Saimaa canal as Russian gambit

Saimaa canal as Russian gambit

The parties agreed on a 50-year lease, and in 2013 they extended the lease until 2063.

As Finland accelerates its accession to NATO, Russia is sending clear signals that such steps marked the end of good neighborly relations with NATO. Paasikivi-Kekkonen line – Foreign policy of Finnish neutrality and friendship.

The preliminary representative of the changes is a statement by a Russian Duma official that Moscow may review the terms of the lease of the Saimaa Canal if Finland becomes a member of NATO.

“As Russia’s relations with any country deteriorate, the agreements reached during better relations and then sensible can be revised. That would be quite natural [to revise the lease of the Saimaa Canal]”, – Dmitry NovikovThe first vice-chairman of the International Duma Committee told the Russian newspaper Izvestia.

The Russian Ministry of Transport and the Rosmorrechflot Maritime Agency, which monitors the Saimaa Canal, did not comment on the assistant’s statement. Amendments to international agreements are at the level of the Ministry of Transport and Foreign Affairs.

The State Duma is responsible for ratifying land lease agreements, but not for terminating or revising them. However, the lower house of the Russian parliament has the power to submit this proposal to the government for review – and it can be quite tenacious.

Finland is already on the list of Russia’s “unfriendly” nations among other EU countries.

Revenge for bending to NATO

The statement of the Duma official came as the Finnish Foreign Minister Pekka Haavisto stated on 26 April that launching joint Finnish-Swedish applications for NATO membership would be “useful”. But the lands did not have a fixed date for a possible application, he admitted. The leaders of Finland and Sweden will meet on 16-18 June. May in Stockholm.

In response to a question about the revision of the Saimaa Canal Agreement, the Russian Embassy in Helsinki told Izvestia that “if Finland joins this bloc, Russia must take the necessary measures to safeguard its interests.” The diplomats mentioned in the magazine did not specify what these measures might look like.

Speaker at the Russian Foreign Ministry Maria Zakharova stated earlier that the accession of Finland and Sweden to NATO would have negative consequences for peace in Northern Europe. However, he did not specify what these steps might involve.

The lease stipulates that Finland does not have the right to use the Russian part of the Saimaa Canal to navigate warships – neither under Finland nor under any other flag. This means that NATO – if Finland takes over and joins the alliance – will not be able to use the Saimaa canal for the legal passage of its warships to Finnish inland waters under the terms of the current agreement.

From this point of view, the channel does not pose a military threat to Russia upon Finland’s accession to NATO.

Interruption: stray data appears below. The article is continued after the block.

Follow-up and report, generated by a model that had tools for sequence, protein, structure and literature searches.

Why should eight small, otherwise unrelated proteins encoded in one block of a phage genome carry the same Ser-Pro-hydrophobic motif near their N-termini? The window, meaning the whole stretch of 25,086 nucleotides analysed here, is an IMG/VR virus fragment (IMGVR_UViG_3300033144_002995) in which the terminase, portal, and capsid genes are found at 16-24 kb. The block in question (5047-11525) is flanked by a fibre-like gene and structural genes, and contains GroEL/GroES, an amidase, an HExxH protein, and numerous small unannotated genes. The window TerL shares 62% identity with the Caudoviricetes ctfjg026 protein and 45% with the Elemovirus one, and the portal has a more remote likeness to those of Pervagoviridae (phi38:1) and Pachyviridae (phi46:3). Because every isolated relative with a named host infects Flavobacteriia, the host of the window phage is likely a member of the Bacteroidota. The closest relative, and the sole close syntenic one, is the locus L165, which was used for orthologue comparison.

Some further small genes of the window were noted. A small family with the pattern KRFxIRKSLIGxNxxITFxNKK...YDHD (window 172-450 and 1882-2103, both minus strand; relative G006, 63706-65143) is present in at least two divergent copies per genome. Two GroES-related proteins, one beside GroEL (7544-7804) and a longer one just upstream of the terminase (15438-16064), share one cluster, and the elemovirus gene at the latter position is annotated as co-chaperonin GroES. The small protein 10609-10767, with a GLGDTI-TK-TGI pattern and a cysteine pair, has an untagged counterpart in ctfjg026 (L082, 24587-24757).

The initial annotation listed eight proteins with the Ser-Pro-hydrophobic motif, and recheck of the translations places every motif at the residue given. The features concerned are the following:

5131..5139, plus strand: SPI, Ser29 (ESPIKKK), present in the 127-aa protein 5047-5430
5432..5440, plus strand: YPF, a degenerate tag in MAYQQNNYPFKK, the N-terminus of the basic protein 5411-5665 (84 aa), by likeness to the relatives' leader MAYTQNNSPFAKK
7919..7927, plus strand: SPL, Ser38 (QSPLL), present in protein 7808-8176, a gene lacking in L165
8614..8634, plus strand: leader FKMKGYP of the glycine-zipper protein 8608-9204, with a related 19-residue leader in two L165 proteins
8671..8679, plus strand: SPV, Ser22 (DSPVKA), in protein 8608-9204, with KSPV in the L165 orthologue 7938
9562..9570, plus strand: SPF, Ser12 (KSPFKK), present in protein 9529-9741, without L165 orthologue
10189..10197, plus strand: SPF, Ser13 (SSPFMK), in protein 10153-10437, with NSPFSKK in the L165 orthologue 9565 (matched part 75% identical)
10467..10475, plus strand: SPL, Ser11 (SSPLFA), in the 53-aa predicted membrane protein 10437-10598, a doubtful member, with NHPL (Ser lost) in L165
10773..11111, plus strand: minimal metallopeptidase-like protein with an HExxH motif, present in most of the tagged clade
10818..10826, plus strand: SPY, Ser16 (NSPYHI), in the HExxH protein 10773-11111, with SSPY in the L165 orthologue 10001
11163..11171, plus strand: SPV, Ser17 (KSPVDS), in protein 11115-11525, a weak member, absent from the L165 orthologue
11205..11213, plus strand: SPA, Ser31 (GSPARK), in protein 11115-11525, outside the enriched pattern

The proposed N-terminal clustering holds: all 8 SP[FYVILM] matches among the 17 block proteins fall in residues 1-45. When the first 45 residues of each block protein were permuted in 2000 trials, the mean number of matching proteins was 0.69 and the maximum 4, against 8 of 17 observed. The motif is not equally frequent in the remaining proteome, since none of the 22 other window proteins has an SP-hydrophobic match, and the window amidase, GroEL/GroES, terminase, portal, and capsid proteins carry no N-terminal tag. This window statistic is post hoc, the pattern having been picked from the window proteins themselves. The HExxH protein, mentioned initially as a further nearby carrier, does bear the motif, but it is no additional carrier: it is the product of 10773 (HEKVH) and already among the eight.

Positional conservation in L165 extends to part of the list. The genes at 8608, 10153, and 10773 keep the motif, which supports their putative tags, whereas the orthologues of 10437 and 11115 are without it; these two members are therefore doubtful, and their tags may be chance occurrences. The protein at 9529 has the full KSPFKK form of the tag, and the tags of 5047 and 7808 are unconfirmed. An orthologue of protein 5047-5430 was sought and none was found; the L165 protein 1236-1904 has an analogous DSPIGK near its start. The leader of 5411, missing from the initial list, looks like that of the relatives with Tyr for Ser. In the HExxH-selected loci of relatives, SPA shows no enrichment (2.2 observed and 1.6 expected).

Like Nikolai MezhevichIn a discussion with Izvestia, the chairman of the Russian Baltic Research Association said that Finland’s accession to NATO would certainly change the rules of the game and mark the end of the current “special level relations” between Finland and Russia.

Until recently, relations between the two countries were considered strategically important, Mezhevich claims.

A special level between relationships Vladimir Putin and the Finnish authorities date back to a time when Putin chaired the Leningrad (St. Petersburg) Foreign Relations Committee from 1991 to 1992 and was directly involved in discussions with Finnish trade delegations.

Economic consequences

Historian at the University of Helsinki Jyrki Paaskoski told the Helsinki Times that the Saimaa canal agreement is bilateral, so without negotiations with Finland, Russia cannot change the terms alone.

– The agreement was signed for 50 years and entered into force in 2010. According to the lease agreement, the notice period is 12 months. I think it is possible that Russia may terminate the agreement, but that is not in its favor, the expert pointed out.

In his opinion, the Finnish forest industry will switch to road and rail transport if the agreement expires. Imports from Russia are already subject to sanctions, Paaskoski continues, so the consequences of the termination of the agreements are not serious.

The main goods transported along the Saimaa canal are logs, wood, cargo, fertilizers and paper.

In November 2021, Russia decided to stop exporting raw wood through the canal. This measure was later discussed at the highest level during President Niinistö’s visit to Russia last October.

Prime Minister Sanna Marin deplored Moscow’s decision. However, he clarified that it had nothing to do with the negotiations between the leaders of Finland and NATO by the end of the autumn.

Russia is Finland’s third largest trading partner after Germany and Sweden. Statistics Finland estimates the value of Finland’s exports of goods and services to Russia in 2021 to be EUR 4.4 billion. Russia accounted for 5% of Finnish exports.